And when I saw him, I fell at his feet as dead. And he laid his right hand on me, saying to me, Fear not; I am the first and the last:…
I. THE ROYAL CHRIST PROCLAIMS HIS ABSOLUTE LIFE. There is a much closer connection between the words of our text and those of the preceding verse than our Authorized Version gives. We must strike out that intrusive and wholly needless supplement "I am," and read the sentence unbrokenly. "I am the First and the Last and the Living One." Now that close connection of clauses in itself suggests that this expression "the Living One" means something more than the mere declaration that He was alive. It means, as I believe, exactly what Christ meant when, in the hearing of this same apostle, He said upon earth, "As the Father hath life in Himself so hath He given to the Son to have life in Himself." A life which, considered in contrast with all the life of creatures is underived, independent, and, considered in contrast with the life of the Father with whom that Son stands in ineffable and unbroken union, is bestowed. It is a paradox, I know, but until we have gone round the boundless boundaries of that Divine nature, we have no business to say that it is impossible.
II. THE ROYAL CHRIST PROCLAIMS HIS SUBMISSION TO DEATH. Such a statement implies our Lord's assumption of flesh. The only possibility of death, for the Living One, lies in His enwrapping Himself with that which can die. As you might put a piece of asbestos into a twist of cotton wool, over which the flame could have power, or as a sun might plunge into thick envelopes of darkness, so this eternal, absolute Life gathered to itself by voluntary accretion the surrounding which was capable of mortality. Let us bow before that mystery of Divine love, the death of the Lord of Life. The motive which impelled Him, the consequences which followed, are not in view here. But there is another consideration that I may suggest. The eternal Life became dead. Then the awful solitude is solitary no longer. As travellers are cheered on a solitary road when they see the footprints that they know belonged to loved and trusted ones who have trodden it before, that desolate loneliness is less lonely when we think that He became dead.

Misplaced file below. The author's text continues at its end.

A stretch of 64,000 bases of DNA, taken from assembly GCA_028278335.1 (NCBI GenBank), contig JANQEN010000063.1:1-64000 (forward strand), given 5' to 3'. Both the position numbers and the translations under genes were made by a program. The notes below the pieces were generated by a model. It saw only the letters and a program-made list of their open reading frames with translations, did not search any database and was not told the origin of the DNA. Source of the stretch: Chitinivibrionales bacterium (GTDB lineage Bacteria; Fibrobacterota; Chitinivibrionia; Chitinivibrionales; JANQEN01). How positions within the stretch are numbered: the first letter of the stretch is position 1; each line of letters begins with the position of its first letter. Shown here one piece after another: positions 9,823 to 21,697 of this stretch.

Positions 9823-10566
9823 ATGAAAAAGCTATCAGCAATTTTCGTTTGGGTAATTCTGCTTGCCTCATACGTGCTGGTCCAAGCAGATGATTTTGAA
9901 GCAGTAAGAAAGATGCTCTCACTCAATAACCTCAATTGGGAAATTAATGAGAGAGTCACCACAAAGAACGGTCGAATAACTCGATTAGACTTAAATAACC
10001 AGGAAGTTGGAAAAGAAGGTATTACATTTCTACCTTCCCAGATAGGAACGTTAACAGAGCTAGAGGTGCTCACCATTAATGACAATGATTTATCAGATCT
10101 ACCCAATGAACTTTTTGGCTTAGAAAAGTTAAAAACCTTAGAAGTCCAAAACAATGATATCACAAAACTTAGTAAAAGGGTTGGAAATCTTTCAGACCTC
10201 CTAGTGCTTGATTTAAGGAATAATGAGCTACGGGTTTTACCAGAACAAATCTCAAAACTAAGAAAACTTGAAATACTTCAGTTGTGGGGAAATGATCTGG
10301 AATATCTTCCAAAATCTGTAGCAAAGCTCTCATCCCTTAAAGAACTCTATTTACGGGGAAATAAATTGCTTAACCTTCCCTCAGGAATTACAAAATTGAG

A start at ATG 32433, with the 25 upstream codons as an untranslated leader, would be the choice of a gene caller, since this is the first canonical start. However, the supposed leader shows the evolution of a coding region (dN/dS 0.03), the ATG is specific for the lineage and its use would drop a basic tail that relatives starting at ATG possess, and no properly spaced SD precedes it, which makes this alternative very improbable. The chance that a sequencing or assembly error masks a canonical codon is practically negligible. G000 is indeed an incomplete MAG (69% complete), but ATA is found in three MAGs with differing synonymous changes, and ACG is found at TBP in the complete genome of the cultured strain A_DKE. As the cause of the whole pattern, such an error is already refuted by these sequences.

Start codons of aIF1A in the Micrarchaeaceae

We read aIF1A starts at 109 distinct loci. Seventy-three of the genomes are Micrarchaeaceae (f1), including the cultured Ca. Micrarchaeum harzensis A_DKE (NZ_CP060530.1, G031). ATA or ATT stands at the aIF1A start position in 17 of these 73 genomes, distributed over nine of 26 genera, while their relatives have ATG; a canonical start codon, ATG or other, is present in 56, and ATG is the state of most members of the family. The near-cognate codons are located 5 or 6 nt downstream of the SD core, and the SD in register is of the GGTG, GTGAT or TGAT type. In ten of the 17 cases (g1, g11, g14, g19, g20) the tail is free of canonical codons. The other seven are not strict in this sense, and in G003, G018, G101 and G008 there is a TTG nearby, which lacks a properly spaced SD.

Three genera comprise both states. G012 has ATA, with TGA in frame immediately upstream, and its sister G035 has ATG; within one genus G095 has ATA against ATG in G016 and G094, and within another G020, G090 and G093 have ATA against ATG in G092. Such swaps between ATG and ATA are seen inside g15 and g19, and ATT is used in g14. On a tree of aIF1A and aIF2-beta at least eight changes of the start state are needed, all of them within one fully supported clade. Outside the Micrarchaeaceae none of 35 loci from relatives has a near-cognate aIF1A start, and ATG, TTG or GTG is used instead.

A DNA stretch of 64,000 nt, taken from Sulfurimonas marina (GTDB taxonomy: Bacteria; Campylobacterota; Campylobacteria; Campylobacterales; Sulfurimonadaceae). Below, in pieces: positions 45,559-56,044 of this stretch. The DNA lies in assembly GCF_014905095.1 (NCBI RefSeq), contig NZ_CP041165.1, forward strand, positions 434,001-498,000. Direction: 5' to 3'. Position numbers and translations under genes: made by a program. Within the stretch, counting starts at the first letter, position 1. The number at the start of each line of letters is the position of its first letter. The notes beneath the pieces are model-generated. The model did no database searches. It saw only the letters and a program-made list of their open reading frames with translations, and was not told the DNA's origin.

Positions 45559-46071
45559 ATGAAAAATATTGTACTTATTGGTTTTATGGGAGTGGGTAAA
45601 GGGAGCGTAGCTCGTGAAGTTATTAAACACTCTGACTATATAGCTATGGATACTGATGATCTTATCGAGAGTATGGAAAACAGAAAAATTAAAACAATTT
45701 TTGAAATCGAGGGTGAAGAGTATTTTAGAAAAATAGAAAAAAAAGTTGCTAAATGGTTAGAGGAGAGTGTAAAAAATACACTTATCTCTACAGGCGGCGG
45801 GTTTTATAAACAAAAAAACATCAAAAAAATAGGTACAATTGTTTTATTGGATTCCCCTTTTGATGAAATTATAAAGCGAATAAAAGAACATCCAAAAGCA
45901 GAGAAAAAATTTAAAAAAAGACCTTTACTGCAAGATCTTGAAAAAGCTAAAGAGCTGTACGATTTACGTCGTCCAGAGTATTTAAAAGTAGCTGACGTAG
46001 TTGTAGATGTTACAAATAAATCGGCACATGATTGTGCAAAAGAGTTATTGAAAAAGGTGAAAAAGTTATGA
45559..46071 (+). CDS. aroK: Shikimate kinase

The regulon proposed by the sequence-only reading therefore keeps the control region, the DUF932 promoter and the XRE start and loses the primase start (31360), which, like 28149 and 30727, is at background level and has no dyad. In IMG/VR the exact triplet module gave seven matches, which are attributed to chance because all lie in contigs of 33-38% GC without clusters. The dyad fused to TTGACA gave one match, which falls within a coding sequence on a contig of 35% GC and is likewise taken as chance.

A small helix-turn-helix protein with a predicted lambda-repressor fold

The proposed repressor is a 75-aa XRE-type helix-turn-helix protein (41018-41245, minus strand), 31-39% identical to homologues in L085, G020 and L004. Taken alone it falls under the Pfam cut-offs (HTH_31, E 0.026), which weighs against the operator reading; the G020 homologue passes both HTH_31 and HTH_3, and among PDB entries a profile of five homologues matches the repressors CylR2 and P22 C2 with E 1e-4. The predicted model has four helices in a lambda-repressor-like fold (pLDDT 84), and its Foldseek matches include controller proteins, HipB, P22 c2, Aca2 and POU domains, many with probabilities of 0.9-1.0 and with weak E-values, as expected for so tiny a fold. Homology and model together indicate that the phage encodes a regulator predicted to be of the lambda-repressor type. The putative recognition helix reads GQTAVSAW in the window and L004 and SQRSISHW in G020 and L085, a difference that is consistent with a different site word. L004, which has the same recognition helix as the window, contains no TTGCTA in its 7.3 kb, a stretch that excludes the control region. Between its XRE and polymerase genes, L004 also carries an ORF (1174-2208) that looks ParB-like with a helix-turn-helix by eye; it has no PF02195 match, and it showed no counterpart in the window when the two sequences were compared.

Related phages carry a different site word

III. THE ROYAL CHRIST PROCLAIMS HIS ETERNAL LIFE IN GLORY. "Behold!" — as if calling attention to a wonder — "I am alive for evermore." Again I say we have here a distinctly Divine prerogative claimed by the exalted Christ. For that eternal life of which He speaks is by no means the communicated immortality which He imparts to them that in His love go down to death, but it is the inherent eternal life of the Divine nature. The "I" of my text is the Divine-human Jesus. The manhood is so intertwined with the Deity that the absolute life of the latter has, as it were, flowed over and glorified the former; and it is a Man who lays His hand upon the Divine prerogative, and says, "I live for evermore." And so, "because I live, ye shall live also." We cannot die as long as Christ is alive. Christ's resurrection is the pledge and the source of eternal life for us.
IV. THE ROYAL CHRIST PROCLAIMS HIS AUTHORITY OVER THE DIM REGIONS OF THE DEAD. The original does not read "hell and death," but "death and" Hades, the dim unseen regions in which all the dead, whatsoever their condition may be, are gathered.
(A. Maclaren, D. D.)
Parallel VersesKJV: And when I saw him, I fell at his feet as dead. And he laid his right hand upon me, saying unto me, Fear not; I am the first and the last: